Unlike the original Scout case, the CM Storm Scout 2 has excellent cable management options.  Cooler Master even opened up the area near the HDD cages so SATA cables could pass through conveniently without using the grommetted holes, which would be much more suitable for power supply cables. The recessed front panel I/O with a sliding cover is also a welcome improvement, perfect for keeping dust away when not in use.  The additional steel-reinforced, rubber-coated middle handle is also a stroke of genius, and blends really well with the rest of the design.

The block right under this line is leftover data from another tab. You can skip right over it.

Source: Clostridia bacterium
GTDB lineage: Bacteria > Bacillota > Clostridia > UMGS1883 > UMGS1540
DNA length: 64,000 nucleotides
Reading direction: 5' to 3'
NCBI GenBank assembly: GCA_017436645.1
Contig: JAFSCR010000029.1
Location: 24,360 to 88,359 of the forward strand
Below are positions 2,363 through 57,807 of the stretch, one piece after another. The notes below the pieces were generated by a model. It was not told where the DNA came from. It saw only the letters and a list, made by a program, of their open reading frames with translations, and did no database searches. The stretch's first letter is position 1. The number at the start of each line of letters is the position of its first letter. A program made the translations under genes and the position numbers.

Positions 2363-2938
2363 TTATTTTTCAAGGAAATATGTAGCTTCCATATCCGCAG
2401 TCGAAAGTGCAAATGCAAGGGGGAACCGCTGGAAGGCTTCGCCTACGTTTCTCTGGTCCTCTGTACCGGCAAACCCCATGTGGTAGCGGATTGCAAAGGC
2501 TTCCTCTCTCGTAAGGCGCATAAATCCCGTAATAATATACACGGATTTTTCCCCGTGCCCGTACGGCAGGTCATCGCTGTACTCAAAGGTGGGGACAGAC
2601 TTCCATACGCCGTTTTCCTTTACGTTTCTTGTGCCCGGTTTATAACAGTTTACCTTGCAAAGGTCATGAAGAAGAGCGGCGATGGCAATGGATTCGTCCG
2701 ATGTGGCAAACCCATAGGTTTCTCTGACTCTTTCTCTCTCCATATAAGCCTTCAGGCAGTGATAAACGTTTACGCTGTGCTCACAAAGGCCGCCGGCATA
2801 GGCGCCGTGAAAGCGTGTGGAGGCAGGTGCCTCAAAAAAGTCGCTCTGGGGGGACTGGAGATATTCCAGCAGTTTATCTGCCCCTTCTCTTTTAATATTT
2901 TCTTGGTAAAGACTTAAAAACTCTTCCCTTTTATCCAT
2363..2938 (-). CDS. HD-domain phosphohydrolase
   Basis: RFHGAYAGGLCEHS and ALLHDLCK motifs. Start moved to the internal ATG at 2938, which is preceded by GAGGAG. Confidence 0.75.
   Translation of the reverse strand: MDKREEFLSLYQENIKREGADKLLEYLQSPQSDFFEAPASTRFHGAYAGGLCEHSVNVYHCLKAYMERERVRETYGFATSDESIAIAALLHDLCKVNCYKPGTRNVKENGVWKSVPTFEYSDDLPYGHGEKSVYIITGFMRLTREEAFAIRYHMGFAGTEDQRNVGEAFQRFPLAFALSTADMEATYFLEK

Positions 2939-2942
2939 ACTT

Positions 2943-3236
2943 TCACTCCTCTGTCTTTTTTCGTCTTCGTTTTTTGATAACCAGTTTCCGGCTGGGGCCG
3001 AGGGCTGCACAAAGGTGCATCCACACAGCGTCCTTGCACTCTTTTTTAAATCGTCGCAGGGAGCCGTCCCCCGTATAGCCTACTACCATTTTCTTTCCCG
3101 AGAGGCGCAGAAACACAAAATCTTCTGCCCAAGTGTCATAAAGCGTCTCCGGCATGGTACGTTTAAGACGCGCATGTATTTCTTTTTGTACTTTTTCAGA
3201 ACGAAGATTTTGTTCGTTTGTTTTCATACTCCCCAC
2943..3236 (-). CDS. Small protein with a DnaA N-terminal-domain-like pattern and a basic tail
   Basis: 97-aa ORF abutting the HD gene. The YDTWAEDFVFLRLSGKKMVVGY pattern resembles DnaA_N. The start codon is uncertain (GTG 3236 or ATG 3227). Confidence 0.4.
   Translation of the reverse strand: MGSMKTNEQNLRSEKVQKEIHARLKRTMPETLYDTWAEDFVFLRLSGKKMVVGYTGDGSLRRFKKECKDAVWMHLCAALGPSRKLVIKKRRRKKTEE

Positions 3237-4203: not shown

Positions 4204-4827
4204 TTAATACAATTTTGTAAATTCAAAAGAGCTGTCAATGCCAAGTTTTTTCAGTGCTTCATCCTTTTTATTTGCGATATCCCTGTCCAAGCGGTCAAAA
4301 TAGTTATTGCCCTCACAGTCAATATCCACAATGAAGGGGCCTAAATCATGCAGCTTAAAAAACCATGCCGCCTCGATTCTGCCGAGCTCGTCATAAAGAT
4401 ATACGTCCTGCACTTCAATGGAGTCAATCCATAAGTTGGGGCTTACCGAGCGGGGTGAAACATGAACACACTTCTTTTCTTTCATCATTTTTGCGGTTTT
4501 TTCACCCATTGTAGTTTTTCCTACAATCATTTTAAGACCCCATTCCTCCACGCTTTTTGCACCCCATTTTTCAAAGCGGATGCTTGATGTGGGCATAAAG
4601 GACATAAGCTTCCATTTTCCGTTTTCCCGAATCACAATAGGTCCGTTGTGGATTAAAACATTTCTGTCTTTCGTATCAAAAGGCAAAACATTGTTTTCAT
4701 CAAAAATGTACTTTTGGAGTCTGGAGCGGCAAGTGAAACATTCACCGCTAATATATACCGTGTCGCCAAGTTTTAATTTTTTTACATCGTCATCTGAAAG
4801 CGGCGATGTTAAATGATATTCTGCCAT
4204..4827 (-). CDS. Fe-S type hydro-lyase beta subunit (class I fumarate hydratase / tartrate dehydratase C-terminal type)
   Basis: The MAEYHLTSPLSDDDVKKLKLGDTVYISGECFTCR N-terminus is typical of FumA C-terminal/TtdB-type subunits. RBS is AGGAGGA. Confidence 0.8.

Aside from motherboard and 2.5” drive installation, every component mounting is a tool-less affair that can be swiftly done in a matter of seconds.  There are some limitations when installing 5.25” external devices however as the tool-less locking mechanism only locks on the left side so half-length devices such as fan controllers need an additional screw on the right side so it can be properly mounted.  Also, there is room for up to seven internal HDDs but only 6 pairs of rails are provided.  Additional rails can be purchased at the cmstore-usa.com for $4.99 a pair but you might as well purchase the entire accessory kit for $5.99 and receive extras.